Shaping Institutions: Breaking barriers and focus on stakeholders

Breaking barriers and stakeholder orientation have a significant impact on institution building. But what do they mean in practical terms?
For representational purposes (Express Illustration/Tapas Ranjan)
For representational purposes (Express Illustration/Tapas Ranjan)

In four articles so far about ‘Shaping Institutions’, we outlined Bhavan’s SPJIMR research findings on the mindset, behaviour and actions that institutional shapers adopt. This month’s focus concerns two mindsets, not covered in earlier articles: (i) breaking barriers and (ii) stakeholder orientation. These two dimensions emanate from similar values of autonomy, mastery and purpose, as propounded by Daniel Pink, and act as the motivation for performance.

The dimensions have a significant impact on institution building through the integration of people, policies, processes and performance. What do they mean in practical terms? Breaking barriers: Any transformation effort faces obstacles and barriers. The shaper seeks pearls of possibilities in an ocean of uncertainties, which are usually unseen and which open opportunities.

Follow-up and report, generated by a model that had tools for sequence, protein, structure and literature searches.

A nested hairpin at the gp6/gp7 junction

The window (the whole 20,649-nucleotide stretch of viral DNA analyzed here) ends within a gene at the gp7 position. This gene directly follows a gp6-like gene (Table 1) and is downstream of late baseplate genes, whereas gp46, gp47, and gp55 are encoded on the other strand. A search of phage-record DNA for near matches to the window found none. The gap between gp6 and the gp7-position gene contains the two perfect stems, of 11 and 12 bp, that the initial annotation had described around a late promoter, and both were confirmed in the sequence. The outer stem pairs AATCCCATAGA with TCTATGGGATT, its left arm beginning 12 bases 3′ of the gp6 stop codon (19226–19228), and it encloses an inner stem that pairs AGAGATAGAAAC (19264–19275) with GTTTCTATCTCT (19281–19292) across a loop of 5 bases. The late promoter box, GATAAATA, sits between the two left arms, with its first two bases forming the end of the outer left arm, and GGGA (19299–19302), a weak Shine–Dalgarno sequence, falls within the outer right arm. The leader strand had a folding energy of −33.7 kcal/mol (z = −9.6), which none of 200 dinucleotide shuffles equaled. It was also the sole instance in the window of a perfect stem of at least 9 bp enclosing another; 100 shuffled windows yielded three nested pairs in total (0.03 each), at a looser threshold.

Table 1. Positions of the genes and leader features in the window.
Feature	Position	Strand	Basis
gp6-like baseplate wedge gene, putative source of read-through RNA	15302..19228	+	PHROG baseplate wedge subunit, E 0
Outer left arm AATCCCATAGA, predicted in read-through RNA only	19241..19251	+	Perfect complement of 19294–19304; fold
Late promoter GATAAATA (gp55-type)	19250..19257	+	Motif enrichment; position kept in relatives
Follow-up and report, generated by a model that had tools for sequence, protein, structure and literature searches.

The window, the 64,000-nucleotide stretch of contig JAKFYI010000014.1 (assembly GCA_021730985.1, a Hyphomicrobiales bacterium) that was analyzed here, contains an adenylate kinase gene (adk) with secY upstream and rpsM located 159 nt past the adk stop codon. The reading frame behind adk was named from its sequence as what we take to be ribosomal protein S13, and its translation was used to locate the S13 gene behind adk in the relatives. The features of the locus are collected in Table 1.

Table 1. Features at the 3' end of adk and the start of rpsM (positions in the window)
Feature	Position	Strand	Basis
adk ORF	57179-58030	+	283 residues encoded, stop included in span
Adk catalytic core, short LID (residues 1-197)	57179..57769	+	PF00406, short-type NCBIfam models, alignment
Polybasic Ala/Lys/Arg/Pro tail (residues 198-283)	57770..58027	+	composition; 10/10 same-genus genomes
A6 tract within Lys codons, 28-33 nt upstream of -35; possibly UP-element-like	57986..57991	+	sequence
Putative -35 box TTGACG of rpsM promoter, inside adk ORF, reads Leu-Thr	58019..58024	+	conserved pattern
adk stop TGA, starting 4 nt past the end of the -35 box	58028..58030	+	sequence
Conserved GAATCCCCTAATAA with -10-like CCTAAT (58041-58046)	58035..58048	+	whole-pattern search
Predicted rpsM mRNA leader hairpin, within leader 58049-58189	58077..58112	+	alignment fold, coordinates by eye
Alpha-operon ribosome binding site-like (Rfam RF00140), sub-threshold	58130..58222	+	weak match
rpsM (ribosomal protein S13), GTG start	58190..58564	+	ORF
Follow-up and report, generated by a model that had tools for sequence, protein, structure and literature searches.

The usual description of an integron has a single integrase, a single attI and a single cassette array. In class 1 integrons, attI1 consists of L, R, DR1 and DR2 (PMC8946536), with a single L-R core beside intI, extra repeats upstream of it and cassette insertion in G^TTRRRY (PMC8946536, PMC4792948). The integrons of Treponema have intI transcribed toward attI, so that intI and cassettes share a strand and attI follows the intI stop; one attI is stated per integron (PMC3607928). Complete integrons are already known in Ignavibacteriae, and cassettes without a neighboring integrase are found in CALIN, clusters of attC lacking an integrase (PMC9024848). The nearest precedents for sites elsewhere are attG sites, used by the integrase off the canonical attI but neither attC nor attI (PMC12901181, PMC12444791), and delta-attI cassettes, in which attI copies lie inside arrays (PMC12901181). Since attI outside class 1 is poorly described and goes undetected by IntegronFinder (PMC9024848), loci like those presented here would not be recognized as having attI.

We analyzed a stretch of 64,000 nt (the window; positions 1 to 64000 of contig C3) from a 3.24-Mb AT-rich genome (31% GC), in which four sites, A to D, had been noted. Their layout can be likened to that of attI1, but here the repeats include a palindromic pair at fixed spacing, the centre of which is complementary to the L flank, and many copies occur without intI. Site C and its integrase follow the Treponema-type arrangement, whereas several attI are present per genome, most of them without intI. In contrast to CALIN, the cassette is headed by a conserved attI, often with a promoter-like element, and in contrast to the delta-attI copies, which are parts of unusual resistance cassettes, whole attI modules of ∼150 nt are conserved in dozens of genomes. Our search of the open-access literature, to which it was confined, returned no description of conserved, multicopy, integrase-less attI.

Seeing the big picture and trusting one’s instincts to break those barriers requires a high impact and convergent set of actions. Once those rocks of resistance are broken, the barrage of change serves as a catalyst to create life-altering conditions. From the six companies we studied, here are some examples.
Hasmukhbhai Parekh registered HDFC as a housing mortgage company when he was already 66. It was the first Indian institution for housing finance.

If executed well, it was a chance for social change. Dr Manmohan Singh, then the Finance Secretary, doubted whether the idea would click. Hasmukhbhai remained enthusiastic about providing loans to the middle class to build their dream homes and even persuaded his nephew Deepak Parekh to join this venture. Today HDFC is the largest and most admired name amongst the financial institutions of India.

For young 23-year-old Uday Kotak, there was always the safety of the family business to return to. Uday threw himself into the bill discounting business and got his first business with zero capital invested. One also needs to guard against legal or societal implications of breaking barriers. Bill discounting was eventually prohibited by regulators due to misuse in accommodation by other operators. About 60% of Kotak’s business vanished, so he went into equipment leasing and capital markets. Kotak focused on increasing value and not volume.

Growth must add economic value. It was action from a renewed mindset that helped Kotak transform from being a small bank to among India’s most valuable ones. At Biocon, Kiran Mazumdar-Shaw had to break many social barriers about gender. Job applicants were hesitant to join her as they perceived a lack of job security working for a woman. Lending institutions did not have faith in a women entrepreneur investing in technology; it was unheard of in those days.